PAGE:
Veneers, Plywood, Turned Items, Furniture, Boatbuilding, Interior Trim, Cabinets, Guitars, Boat Building, Trim, Interiors, Entry doors, Stairs


A very stable wood used extensively in architectural woodwork, which is to be painted or enameled. Modest figure and even texture permit staining to simulate more expensive woods such as Walnut.

Yellowish to creamy white, to a pale straw colored heartwood, often with greenish cast or dark mineral streaks.

Light construction, Furniture, Cabinets, Doors, Musical Instruments, Exterior Trim & Siding, Paneling, Mouldings & Millwork

Red Oak

Red Oak is the major hardwood species produced in the U.S. It is excellent for cabinetry, architectural woodwork, and the manufacturing of furniture.

Light tan sapwood to pinkish, reddish-brown heartwood.

Cabinetry, Furniture, Interior Trim, Flooring, Veneer, Architectural Millwork,  Mouldings, Doors, Cabinets, Paneling, Caskets

Soft Maple

Similar in most respects to Hard Maple, with the exception that it is lighter in weight and not quite as strong.

The sapwood and heartwood are indistinguishable from one another as both are white to light reddish-brown. Soft Maple has straight grain patterns and indistinct growth rings.

Flooring, Cutting Boards, Butcher Blocks, Furniture, Paneling & Millwork, Cabinets, Mouldings, Doors, Musical Instruments, Turnings


One of the most desirable lumbers in the world due to its strength, stability, and easy workability.

Heartwood tends to be a golden or medium brown, with color darkening with age.

Exterior Construction, Furniture, Turning, Boat Construction, Outdoor & Marine Decking, Soffits, Facsia, Fine Furniture, Flooring, Interior Construction, Decorative Objects

Thermo Treated

A very attractive hardwood, widely used in architectural woodwork. Readily available in lumber and veneer.
Light brown with tinge of red with growth rings marked with dark reddish-brown lines. Sapwood is nearly white or light yellow.
Interior trim, Turned objects


Heavy, hard, strong

Sapwood white-ish to light-brown; heartwood rich light-brown to dark brown

Veneer, Plywood, Flooring, Furniture, Cabinetry, Turned Objects, Architectural Millwork, Doors, Paneling, Gun Stocks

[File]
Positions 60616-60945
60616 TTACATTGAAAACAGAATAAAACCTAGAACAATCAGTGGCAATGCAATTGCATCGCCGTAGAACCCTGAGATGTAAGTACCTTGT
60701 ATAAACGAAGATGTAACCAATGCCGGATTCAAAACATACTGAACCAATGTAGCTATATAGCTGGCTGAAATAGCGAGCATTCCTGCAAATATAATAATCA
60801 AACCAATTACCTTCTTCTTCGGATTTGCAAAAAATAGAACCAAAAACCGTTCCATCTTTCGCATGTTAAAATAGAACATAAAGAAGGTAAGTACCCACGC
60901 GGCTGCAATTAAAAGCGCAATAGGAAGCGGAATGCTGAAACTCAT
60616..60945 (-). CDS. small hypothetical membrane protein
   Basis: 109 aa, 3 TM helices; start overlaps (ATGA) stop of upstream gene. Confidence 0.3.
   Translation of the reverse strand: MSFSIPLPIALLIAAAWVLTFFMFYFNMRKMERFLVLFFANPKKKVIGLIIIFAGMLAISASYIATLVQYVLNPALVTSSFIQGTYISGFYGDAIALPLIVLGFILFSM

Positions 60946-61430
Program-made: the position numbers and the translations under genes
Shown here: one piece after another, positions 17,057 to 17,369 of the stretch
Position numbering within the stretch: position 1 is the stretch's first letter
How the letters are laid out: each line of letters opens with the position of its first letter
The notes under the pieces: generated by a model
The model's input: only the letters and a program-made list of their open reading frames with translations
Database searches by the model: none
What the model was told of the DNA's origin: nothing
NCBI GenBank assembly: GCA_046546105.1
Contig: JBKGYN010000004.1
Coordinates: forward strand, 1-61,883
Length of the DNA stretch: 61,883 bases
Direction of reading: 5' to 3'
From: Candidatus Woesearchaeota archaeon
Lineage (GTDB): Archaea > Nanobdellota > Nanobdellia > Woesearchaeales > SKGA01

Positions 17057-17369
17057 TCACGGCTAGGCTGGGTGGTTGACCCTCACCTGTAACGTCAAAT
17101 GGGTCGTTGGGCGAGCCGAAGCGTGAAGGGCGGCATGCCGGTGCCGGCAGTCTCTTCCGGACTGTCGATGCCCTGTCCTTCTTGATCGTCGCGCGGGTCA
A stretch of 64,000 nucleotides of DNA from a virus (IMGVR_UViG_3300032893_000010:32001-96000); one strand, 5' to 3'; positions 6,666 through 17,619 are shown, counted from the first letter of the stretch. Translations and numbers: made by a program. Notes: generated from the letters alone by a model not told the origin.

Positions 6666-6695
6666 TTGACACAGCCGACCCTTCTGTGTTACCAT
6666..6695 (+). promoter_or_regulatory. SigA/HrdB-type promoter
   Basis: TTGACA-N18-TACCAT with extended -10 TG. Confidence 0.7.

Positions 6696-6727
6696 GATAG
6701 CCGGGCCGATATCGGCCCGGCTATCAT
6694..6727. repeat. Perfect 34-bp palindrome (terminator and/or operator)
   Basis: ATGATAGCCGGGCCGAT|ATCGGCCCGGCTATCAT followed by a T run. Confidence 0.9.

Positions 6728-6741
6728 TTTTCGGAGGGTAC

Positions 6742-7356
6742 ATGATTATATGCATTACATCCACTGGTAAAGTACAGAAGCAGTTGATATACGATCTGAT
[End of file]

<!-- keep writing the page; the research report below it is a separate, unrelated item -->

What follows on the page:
White Oak

A premier hardwood, both in the U.S. and abroad. Highly figured, even more textured than Red Oak and somewhat easier to work. Often, rift-sawn for a straight or “comb” grain effect, or quarter-sawn for a straight grain with highly prominent “flake.”.

Varies from a light tan to a darker, yellowish-brown while the less prevalent sapwood is much lighter.

Furniture, Flooring, Architectural Millwork, Mouldings, Doors, Paneling, Barrel Staves, Caskets

Lumber Cuts

Plain Sawn Lumber, also known as “flat sawn”, is the most common and least expensive method to cut lumber. This method allows for wider and easier to mill pieces with minimal waste.

Plain Sawn cutting also produces the popular ‘cathedral’ grain patterns.

Quarter Sawn lumber is produced with a log is quartered then plain sliced. This method increases the stablity and moisture resistance over Plain Sawn at a slight cost increase due to additional waste.

Quarter Sawn lumber is also known for producing a beautiful ‘fleck’ pattern in species like White Oak and Red Oak.

Rift sawn lumber can either be produced as a compliment to quarter sawn lumber or can be cut specifically as rift sawn. With rift sawn lumber, the rings are typically between 30-60 degrees, with 45 degrees being optimum.
The rift sawn method produces the most waste, which also increases the cost. Rift sawn lumber is dimensionally stable and has a unique linear appearance.

Great bunch of guys. Extremely helpful and friendly. Great prices too. I’ll be a long time customer!

Randall. G

Jacksonville, FL